With a shade over 24 hours until England host Austria at a sold-out Old Trafford, a handful of construction workers are busy building a fan park in Manchester city center. A few kilometers northeast of the building site, UEFA’s Chief of Women’s Football takes to the stage in a stadium hospitality room.
“I feel so many different kinds of emotions but can’t wait for it to get started now,” said Nadine Kessler, who won 29 caps for Germany between 2010 and 2016. “I really think it’s completely incomparable to when I played. I might need to be a bit provocative, but I think in my days people were more concerned with how my jersey fit than the result. We’ve come a long way.”
The buildup to the tournament has seen plenty of reflection on the growth of the game in recent years. But the day before it starts, with unfinished fan parks, sporadic advertising boards and a reported shortage of England women’s shirts in major sports shops, there is a sense that organizers may not have foreseen the scale of interest and demand lingers in the grey air.
Is it actually coming home?
But logistical successes or failures will fade into the background, at least temporarily, come Wednesday evening.
“We really hope that the whole nation gets behind us,” England’s all-time record scorer Ellen White told DW ahead of the tournament.
“We obviously know that our group games are sold out, which is really exciting for us and that home advantage is big. So yeah, we’re just really excited to face some very, very talented European teams.”
The first of those is Austria, surprise semifinalists in 2017. The visitors will do well to match their achievement in the Netherlands, given the increasing depth of quality in the international game. England’s Dutch coach Sarina Wiegman, who coached the hosts to the trophy five years ago, knows that the challenge, and the expectation, is even greater this time around.
“The development of the women’s game has gone so so quickly, so the the change from 2017 to now is, I think, that so many more countries play at the highest level. So that’s going to be really exciting,” she told DW in an interview for the Project Fussball podcast. “And now you feel that huge momentum. We have had some games across the country, playing in different cities. And you can feel that people are getting excited. And so many tickets have been sold already.”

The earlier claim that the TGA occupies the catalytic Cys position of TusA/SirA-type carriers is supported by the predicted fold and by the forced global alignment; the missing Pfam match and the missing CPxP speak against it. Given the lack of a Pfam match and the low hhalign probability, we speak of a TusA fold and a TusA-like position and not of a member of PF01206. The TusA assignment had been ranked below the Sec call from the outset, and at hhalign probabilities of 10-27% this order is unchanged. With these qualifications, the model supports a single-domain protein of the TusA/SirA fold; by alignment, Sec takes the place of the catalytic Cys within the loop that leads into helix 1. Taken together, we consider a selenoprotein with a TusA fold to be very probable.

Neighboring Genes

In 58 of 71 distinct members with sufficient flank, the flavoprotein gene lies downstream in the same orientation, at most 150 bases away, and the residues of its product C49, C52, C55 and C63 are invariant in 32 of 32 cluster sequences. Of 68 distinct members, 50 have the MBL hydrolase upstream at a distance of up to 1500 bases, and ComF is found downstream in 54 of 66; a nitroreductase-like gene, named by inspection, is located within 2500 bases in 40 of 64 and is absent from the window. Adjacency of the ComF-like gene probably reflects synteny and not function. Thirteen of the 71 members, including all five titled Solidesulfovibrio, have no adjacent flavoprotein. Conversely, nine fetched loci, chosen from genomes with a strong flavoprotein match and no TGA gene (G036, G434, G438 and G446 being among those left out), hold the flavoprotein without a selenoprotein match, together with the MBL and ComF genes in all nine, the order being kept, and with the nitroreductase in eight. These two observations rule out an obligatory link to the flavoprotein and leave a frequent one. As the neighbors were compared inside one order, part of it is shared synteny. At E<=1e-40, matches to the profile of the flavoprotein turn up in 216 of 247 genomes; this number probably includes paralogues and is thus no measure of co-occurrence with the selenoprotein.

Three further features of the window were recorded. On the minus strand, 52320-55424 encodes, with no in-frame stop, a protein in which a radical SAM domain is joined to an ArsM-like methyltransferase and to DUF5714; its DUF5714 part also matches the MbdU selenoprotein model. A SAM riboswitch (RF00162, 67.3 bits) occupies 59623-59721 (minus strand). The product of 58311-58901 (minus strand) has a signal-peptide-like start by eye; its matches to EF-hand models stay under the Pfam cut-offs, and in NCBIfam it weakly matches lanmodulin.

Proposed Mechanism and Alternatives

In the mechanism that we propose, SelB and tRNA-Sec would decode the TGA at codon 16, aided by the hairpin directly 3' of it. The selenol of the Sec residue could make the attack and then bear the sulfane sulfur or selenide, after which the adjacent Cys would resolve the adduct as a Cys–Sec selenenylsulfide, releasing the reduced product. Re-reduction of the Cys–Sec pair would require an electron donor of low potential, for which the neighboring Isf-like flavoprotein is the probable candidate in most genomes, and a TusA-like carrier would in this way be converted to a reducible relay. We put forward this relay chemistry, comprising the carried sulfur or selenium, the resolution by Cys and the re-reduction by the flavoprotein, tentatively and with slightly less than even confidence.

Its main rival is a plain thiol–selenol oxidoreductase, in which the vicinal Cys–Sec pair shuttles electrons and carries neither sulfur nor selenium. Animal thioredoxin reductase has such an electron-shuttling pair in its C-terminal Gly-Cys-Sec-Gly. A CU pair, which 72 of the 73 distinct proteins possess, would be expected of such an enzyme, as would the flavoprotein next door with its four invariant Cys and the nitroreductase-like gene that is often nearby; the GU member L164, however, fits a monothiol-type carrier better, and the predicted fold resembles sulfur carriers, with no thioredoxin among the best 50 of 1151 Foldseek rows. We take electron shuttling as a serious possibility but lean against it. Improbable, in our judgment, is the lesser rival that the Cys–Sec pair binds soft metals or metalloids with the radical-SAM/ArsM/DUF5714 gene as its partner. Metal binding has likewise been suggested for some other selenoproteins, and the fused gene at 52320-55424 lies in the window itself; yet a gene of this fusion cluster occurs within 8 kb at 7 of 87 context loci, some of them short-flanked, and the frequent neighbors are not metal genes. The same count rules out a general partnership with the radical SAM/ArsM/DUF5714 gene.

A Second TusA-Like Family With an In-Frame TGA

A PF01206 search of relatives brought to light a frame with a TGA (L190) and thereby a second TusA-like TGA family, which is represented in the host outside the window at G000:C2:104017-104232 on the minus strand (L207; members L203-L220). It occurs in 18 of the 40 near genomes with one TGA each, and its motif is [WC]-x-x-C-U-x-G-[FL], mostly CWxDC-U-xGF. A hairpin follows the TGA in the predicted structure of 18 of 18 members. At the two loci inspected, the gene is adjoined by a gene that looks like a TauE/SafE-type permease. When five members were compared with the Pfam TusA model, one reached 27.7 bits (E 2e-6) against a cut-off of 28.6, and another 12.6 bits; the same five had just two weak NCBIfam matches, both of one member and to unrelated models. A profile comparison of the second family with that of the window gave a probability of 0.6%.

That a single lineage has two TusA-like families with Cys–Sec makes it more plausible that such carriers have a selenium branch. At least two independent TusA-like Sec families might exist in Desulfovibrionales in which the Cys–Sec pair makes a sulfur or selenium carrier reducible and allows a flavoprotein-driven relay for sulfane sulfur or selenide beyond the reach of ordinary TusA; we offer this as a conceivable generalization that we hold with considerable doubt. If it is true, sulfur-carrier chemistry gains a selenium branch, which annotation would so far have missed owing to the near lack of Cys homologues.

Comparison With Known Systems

Ticket sales have indeed been brisk, with more than half a million taking advantage of affordable prices before the tournament has even begun. About 200,000 remain, though plenty of games have sold out. Kessler, who won the tournament as a player with Germany said she’d become “obsessed” with watching the sale figures tick over on internal UEFA systems.
How big is big enough?
As positive as that has been for the women’s game, it’s also raised questions about the selection of stadiums for the tournament. Across town from Old Trafford, Manchester City’s academy stadium has been the target of criticism from Iceland star Sara Bjork Gunnarsdottir, whose side open their campaign against Belgium at the ground, with capacity limited to 4,700, down from 7,000 due to UEFA regulations around standing on the terraces.
“I’m a little bit disappointed with some of the stadiums that we got,” she told The Pitch podcast in April. “It’s shocking. You’re playing in England, you have so many stadiums, and we have a training ground from City. It’s just embarrassing.”
Despite the criticisms, Chris Bryant, the English FA’s Head of Tournament Delivery is convinced that the right balance has been struck.
“We already set the aims incredibly high,” Bryant said, in response to a question from DW on Tuesday. “Obviously we set ourselves objectives and we’re just about where we thought we would be.”
Bryant defended the selection of smaller venues, which also includes Rotherham’s New York stadium, which will host a quarterfinal.
“I think we’re really happy with the venue selection we’ve made. There are still tickets to sell, we want venues to be sold out, that’s a huge part of our strategy. And it’s not just a focus on England…we want all teams to experience a great atmosphere in all the stadiums.”
That aim, at least, seems certain to be met in the opening fixture. An England win will likely see momentum build in the host country. UEFA and those invested in the women’s game, will hope it will continue to gather pace as the tournament progresses.